"Hic per ea quœ video multum cupiunt et sperant quod rex Angliœ, actento maxime quod Cœsar discessit a matrimonio principissœ nostrœ, suscipiat provinciam prœstandi auxilium et favorem Principibus Italiœ; item quod conservet et manuteneat Gallos in ea resolutione, in qua nunc promptos se obstendunt, videlicet unionem cum principibus Italiœ ad communem conservationem, expectantque brevi, inmo brevissimo spatio, istinc super his licteris. Visum est mihi hœc D. v. R. significare.
"Alia non occurrunt. Commendo me semper D. v. Ill. et R., rogans eam humillime ut dignaretur me commendare S. nostro Regi. Et bene et feliciter valeat. Ex Urbe, die xiiij. Novembris M.D. XXV."
Hol. Cipher undeciphered. Headed: Copia. Add. Endd.
R. O. 2. Duplicate of the above, with slight verbal differences.
Hol. Add. Endd.
14 Nov.
R. O.
A letter of compliments to the King and Wolsey, thanking them for the services they have already rendered to the See Apostolic, and trusting they will not cease to defend it in these turbulent times. Rome, 14 Nov. 1525. Signed: Blosius.
P. 1, broadsheet. Add. Endd.: xxiiijo (sic) Novembris 1525.
Vit. B. VII.
210–13. B. M.
2. Duplicate of the preceding. Rome, 14 Nov. 1525.
Lat., pp. 2. Add. Endd.
14 Nov.
Lanz, I. 180.
Received his letters by Anthony de Taxis. Has informed Madame the Regent of the illness of the King (Francis). Madame d'Alençon had written to her that Francis was very well, and that she hoped some new and fair overture would be made before the Emperor proceeded to Seville. Louise seemed be in good hope, and alleged many reasons why the Emperor should desire the King's friendship, both for his coronation at Rome and for fear of the English; for she could not but think that the king of England would be displeased at the rupture of the marriage between his daughter and the Emperor. Replied, that although the Emperor intended to recover Burgundy, he would remain Francis' friend, for he would take no more than what rightfully belonged to him; and that there was no reason to suppose that the Emperor's marriage with the Portuguese princess would give rise to any misunderstanding between him and the king of England.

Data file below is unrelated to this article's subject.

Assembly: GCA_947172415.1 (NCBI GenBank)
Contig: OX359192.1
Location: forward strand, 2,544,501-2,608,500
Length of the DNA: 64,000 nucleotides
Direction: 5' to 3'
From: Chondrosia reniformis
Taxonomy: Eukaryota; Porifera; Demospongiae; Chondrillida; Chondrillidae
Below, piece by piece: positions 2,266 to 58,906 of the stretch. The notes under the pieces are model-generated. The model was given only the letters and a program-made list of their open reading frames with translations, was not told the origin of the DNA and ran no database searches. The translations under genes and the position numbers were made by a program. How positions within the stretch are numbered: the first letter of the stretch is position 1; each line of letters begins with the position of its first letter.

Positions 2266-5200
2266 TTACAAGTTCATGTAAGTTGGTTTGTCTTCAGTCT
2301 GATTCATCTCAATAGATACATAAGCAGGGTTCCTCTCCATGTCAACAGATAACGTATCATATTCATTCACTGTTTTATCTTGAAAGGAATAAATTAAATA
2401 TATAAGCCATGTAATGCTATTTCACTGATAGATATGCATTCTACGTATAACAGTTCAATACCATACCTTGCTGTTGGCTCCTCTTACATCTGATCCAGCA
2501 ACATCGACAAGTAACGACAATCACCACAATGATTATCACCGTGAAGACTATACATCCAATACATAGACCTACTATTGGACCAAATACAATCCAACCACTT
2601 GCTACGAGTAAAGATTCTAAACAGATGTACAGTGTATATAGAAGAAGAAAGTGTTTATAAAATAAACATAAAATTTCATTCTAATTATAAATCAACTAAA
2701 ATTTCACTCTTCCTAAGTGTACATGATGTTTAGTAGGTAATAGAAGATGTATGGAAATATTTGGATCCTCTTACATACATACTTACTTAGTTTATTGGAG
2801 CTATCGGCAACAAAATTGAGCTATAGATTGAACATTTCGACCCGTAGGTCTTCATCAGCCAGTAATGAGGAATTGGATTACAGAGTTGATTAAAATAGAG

Madame expressed her conviction that the King her son would never consent to surrender Burgundy in the manner which the Emperor demands, but would rather die in prison. She proposed marriages between the King and the Emperor's sister Eleanor, and between her (Eleanor's) daughter and the Dauphin. The Emperor and the King could honorably transfer the right of the former to the children descending from these alliances, as the Emperor has doubtless understood from the overtures of Madame d'Alençon. Louise desires that if the Emperor intends to keep her son still in prison, he should declare his intention openly. Gave her to understand that the cure of her son's illness rested chiefly upon his deliverance, which lay in his own power to effect by listening to reason. Advises the Emperor to retain Francis prisoner, for various considerations, although he has lost the aid of the English.
The agreement with England causes great confidence here. An English ambassador is expected,—said to be the treasurer of Calais. (fn. 5) Is advertised by reliable letters from England that the King will make warm suit to the Emperor for the French king's release, and the Pope will probably do the same, at the instigation of the King and Cardinal, whom he dares not disobey. Perhaps this is the cause of Gregory Casale's journey from here to Rome. * * * Lyons, 14 Nov. 1525.
15 Nov. R. O. 1768. WM. BARETH to CRUMWELL.
Wishes to hear of his welfare, and of "my maistrys, your wyfe," to whom he sends six plovers "for to drynke a quart of wyn withall." Both himself and his wife have been sore vexed with ague, which has prevented him from coming. Trusts him to solicit his matter to Mr. Rowe. Asks for his advice about it. Wyttryng, 15 Nov.
Hol., p. 1. Add.: To the right worshipful Mr. Thomas Cromwell, be this dd. at London.


  • 1. In which Sir Richard Weston is to succeed him, says the letter to the King.
  • 2. Erasmus had already written to the King and Polydore Vergil on this subject, and the following are abstracts of his letters, the dates of which are uncertain:—ERASMUS to HENRY VIII. (Er. Ep. p. 774.)Sends him the first draft of his treatise De Libero Arbitrio against Luther. It is not yet completed, in consequence of his ill health and bodily pains. If his Majesty likes the work, Erasmus will complete it, and get it printed elsewhere. No printer here would dare to print anything which contains the least reflection on Luther, but every one may write what he likes against the Pope. Basle, anno 1523.ERASMUS to POLYDORE VERGIL. (Er. Ep. p. 777.)About printing the works of Polydore by Frobenius, and the expence, of which the printer is afraid, as nothing sells now in Germany except the writings of Luther. I cannot say enough of the perfidy of N.; he circulated a rumor at Antwerp that my picture and my books were burnt at Rome, and therefore that I am now writing against the Pope; whereas Clement VII. sent me, unsolicited, a most honorable diploma and 200 gold florins. I have written a book, De Libero Arbitrio, against Luther. Basle, 1523.
  • 3. Omitted in the original despatch, and supplied from cipher in the other copy.
  • 4. In the other copy this sentence stands as follows: "respondisse, et auxisse eorum exercitum in numero 4,000 peditum vel circa."
  • 5. Fitzwilliam, who was captain of Guisnes and treasurer of the Household, was actually sent.